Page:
(CNN) -- The head of an advisory board to the Arab League called Sunday for the withdrawal of observers from Syria, claiming the mission has allowed Syrian officials to continue a brutal crackdown on protesters.
"What is happening allows the Syrian regime a cover for the exercise of its inhumane practices under the Arab League's watch," Ali Salem al-Deqbasi said in a statement, according to Egypt's state-run MENA news agency. Al-Deqbasi heads the Arab Parliament, an advisory board to the Cairo-based Arab League.
The statement said abuse and killing of civilians have continued as Arab League monitors visit Syria, and requested a meeting of Arab League foreign ministers to address the issue.
An Arab League official said in a statement Sunday that the observers' field work was going "according to plan," noting that only the organization's official governing council has the authority to stop the fact-finding mission.
Additional observers are scheduled to head to Syria this week to join efforts to determine whether the Syrian government is abiding by an agreement to end its crackdown on demonstrators, said Adnan al-Khodeir, head of the Arab League's operations team in charge of the observers' mission.
As the fact-finding mission continued Sunday, at least 10 people were killed in Syria, according to an opposition activist group.
Three people died in Hama, four were killed in Homs, two were killed in the Damascus suburb of Daraya and one was killed in Idlib, the Local Coordination Committees of Syria said. The organization said a child was among its tally of "martyrs," but did not provide additional information.
Since Arab League monitors entered Syria, the LCC said Sunday that it had documented the deaths of 315 people, including 24 children.
Meanwhile, the state-run Syrian Arab News agency said Sunday that the bodies of 21 troops "killed in the line of duty by armed terrorist groups" were taken from military hospitals to their final resting places.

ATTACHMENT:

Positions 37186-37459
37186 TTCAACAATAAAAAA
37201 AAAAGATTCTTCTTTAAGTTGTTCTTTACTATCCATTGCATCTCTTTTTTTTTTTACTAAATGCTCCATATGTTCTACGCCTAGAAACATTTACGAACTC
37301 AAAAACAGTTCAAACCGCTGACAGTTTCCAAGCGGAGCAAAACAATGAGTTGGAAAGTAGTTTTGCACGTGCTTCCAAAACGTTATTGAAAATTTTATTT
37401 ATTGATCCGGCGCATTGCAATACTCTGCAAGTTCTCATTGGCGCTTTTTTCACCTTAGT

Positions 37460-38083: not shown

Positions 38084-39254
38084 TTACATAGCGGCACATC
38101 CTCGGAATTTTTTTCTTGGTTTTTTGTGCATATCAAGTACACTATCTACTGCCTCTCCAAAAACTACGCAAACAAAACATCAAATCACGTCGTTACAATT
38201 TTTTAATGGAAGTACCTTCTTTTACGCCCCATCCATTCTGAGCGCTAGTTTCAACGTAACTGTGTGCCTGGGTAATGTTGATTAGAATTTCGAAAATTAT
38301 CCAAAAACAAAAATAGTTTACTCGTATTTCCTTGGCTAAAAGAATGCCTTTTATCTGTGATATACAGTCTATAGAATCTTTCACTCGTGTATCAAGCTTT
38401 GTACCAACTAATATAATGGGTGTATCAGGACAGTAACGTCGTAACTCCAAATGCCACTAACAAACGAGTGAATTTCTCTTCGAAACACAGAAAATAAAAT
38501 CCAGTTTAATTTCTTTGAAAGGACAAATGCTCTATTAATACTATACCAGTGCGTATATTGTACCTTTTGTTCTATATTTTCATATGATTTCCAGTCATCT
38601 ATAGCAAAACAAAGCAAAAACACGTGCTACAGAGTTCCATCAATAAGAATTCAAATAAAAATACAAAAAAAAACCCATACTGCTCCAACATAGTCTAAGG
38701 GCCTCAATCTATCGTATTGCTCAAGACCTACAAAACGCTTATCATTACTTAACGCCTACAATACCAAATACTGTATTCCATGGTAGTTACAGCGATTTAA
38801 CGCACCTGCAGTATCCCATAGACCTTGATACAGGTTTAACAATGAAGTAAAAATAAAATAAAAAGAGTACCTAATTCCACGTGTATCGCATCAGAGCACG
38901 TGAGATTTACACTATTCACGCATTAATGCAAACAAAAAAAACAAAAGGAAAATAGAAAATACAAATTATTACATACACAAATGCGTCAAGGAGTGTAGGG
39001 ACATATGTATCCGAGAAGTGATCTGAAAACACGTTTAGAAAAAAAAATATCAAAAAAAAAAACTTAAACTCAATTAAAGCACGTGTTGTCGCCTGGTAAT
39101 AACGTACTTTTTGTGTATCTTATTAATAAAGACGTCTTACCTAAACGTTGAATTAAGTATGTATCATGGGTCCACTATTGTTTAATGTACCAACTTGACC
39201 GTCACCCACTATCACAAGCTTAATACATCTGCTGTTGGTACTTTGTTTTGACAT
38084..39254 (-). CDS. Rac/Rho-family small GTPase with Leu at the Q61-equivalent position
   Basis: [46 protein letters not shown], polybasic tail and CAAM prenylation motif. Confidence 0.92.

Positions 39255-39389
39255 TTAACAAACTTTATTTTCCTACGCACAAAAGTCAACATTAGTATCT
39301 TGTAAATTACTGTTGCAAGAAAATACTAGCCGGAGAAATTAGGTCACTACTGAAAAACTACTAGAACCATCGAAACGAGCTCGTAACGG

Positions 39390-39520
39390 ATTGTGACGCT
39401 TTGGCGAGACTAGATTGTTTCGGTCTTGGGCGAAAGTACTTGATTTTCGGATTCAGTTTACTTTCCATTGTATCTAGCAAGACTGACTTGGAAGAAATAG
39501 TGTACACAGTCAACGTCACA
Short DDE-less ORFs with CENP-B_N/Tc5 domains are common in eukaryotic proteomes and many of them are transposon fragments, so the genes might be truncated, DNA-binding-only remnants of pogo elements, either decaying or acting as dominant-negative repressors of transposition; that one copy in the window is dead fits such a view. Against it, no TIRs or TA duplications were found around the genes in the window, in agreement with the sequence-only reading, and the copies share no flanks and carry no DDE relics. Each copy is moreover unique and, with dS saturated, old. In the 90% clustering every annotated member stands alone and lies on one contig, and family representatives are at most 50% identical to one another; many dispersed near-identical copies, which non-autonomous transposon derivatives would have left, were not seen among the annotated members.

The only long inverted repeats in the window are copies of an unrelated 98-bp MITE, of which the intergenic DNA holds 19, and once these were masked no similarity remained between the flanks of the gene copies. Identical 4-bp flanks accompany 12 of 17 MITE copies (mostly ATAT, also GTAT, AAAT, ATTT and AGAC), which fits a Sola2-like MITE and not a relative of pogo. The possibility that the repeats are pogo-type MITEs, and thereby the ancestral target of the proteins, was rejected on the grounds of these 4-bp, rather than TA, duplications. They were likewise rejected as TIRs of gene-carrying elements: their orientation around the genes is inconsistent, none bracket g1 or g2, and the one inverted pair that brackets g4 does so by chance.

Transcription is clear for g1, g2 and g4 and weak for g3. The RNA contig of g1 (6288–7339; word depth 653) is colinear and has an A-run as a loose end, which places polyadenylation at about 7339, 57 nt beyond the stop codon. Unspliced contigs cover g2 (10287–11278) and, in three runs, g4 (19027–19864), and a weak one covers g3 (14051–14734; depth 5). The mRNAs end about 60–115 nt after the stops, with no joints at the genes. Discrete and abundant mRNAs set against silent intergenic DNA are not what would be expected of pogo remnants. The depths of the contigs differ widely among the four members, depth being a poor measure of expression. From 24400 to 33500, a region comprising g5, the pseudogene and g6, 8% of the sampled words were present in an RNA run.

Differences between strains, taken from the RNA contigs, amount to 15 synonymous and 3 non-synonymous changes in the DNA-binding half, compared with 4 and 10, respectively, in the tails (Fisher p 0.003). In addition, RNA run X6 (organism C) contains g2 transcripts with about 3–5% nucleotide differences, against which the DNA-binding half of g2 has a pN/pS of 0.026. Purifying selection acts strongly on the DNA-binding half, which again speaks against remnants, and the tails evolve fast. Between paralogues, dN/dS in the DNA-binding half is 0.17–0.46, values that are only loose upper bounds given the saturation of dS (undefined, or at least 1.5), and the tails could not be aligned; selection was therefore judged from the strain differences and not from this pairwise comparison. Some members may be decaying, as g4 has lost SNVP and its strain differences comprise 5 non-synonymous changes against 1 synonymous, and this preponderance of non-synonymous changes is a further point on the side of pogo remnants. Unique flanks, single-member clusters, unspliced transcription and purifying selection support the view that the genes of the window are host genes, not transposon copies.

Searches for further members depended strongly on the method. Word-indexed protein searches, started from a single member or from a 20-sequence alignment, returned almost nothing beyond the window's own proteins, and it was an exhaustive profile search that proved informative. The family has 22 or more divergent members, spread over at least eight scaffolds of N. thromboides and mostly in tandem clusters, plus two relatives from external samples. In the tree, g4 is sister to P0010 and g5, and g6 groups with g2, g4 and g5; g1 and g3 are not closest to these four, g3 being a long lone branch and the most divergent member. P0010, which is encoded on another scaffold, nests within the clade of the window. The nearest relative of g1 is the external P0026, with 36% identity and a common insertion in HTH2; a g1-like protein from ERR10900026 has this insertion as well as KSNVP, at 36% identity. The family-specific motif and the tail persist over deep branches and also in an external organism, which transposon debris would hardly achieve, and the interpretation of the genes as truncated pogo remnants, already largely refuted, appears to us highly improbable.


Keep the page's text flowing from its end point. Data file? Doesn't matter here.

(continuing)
CNN cannot independently verify accounts of violence or reports of deaths and injuries in Syria. President Bashar al-Assad's government has restricted access by international journalists.
In mid-March, al-Assad began a crackdown on anti-government protesters calling for his ouster. The Syrian government has repeatedly blamed "armed terrorist groups" for violence during the uprising.
The LCC, which has a network of contacts across Syria, said that more than 5,800 people were killed in 2011 during the crackdown on opposition protests.
A number of amateur videos posted online have surfaced purporting to show Arab League observers since the group arrived in Syria last week. One video posted Friday purported to show residents of the southwestern city of Daraa telling a monitor about a man who they said had been a victim of torture. Another video purported to show that same monitor saying he had witnessed snipers firing in the city, which has been a flashpoint for clashes between anti-government protesters and security forces.
On Sunday, the head of the Arab League monitors' mission said observers had not seen sniper attacks.
"We are monitoring the alleged presence of snipers on buildings, but (there is) no evidence of that yet," said Lt. Gen. Mohamed Ahmed Mustafa al-Dabi.
Protesters turned out Saturday for anti-regime rallies in restive cities, including Homs, Idlib and Hama, activists said.
On Friday, two major Syrian opposition groups forged a deal that charts a course for democracy if al-Assad's regime crumbles -- a move which analysts said signals maturation and strengthening of the anti-regime forces.
After talks that lasted for more than a month, representatives of the Syrian National Council and the National Coordination Body for Democratic Change in Syria signed an agreement late Friday in Cairo for a transition in a post-Assad era, the NCB said on its Facebook page.
The agreement was scheduled to be filed with the Arab League on Sunday, the NCB said.
Opposition groups hope to end the al-Assad regime's push against demonstrators and its efforts to maintain power across the country.
The Arab League, the United States, the European Union and Turkey have condemned the government crackdown and initiated sanctions. But Russia and China have stood in the way of a strong U.N. Security Council resolution toward the Syrian government.
Earlier this month, al-Assad agreed to a peace initiative with the Arab League that calls for security forces to withdraw from cities, release detainees and end violence. Part of the agreement calls for Arab League observers to monitor whether the government abides by the initiative.
CNN's Amir Ahmed and Mohammed Jamjoom and journalist Mohamed Fadel Fahmy contributed to this report.